September 30, 2008

Global Market Comments for September 30, 2008

1) The Bail Out Bill II will be voted on Thursday. That took the Dow up 485.

2) Three month LIBOR hit 7% overnight, a 500 bp premium to Fed funds. During the 1987 stock market crash the premium only got up to 200 bp. Mortgage backed securities are now trading at levels implying a 55% default rate. During the great depression the default rate peaked at 12%. Things are way out of whack.

3) A number of indicators are pointing to a major long term bottom in the stock market soon. The S&P 500 volatility index hit an all time high of 48% on Monday. Every time the VIX traded at this level the market was up 7%-15% within a month. The market PE multiple is down to 13. The Index is now 30% off its year ago high. The hedge funds told us yesterday that big cap tech will lead the next bull market with their massive selling of the sector yesterday. This is where they had their big long positions. The BRIC countries are also very attractive here.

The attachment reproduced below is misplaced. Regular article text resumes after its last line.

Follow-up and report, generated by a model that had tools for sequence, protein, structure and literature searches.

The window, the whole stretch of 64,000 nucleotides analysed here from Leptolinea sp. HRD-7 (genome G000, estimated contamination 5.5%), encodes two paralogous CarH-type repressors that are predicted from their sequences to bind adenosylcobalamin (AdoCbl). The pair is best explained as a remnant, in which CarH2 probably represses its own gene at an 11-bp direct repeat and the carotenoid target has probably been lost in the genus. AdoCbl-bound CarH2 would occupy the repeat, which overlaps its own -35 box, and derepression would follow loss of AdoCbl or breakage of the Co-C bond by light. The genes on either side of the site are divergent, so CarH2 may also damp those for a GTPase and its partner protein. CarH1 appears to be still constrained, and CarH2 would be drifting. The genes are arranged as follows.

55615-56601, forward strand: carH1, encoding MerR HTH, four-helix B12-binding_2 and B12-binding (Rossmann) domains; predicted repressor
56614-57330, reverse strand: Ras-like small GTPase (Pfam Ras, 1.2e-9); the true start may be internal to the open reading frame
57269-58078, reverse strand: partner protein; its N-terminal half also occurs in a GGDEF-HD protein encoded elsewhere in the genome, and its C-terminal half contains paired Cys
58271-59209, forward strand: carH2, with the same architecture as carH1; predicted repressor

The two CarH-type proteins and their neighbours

4) Wachovia Bank went under because of its 2006 acquisition of Golden West Financial for $24 billion. The company was the inventor of option arms, and had a portfolio almost entirely made of these high risk loans, 60% of which were made in Florida and California. Citibank immediately wrote off $42 billion of Wachovia's loans. This has to go down as one of the worst takeovers in history, which vaporized the buyer within two years. Talk about 'caveat emptor' with a turbocharger. Unfortunately, along with the WAMU deal, this means that the greatest destruction of loan capacity is going on in California. JP Morgan was the largest bank in the US for a whole weekend until Citibank passed it with this deal on Monday, taking its deposits up to $1.3 trillion.

7) The really important move yesterday was not in the stock market but in the Baltic Dry Shipping Index ($BDI), which has melted 70% from 1,200 to 3,746 since May. The index measures the average cost of chartering carriers of iron ore, coal, wheat, and other bulk commodities, and is a very accurate, but volatile measure of marginal global economic activity. Especially affected is the Brazil-China route. An entire fleet of ships is sitting idle off the Brazilian coast hoping for charters at any price.


'To say derivative accounting in America is a sewer is an insult to sewage': Berkshire Hathaway's Charlie Munger.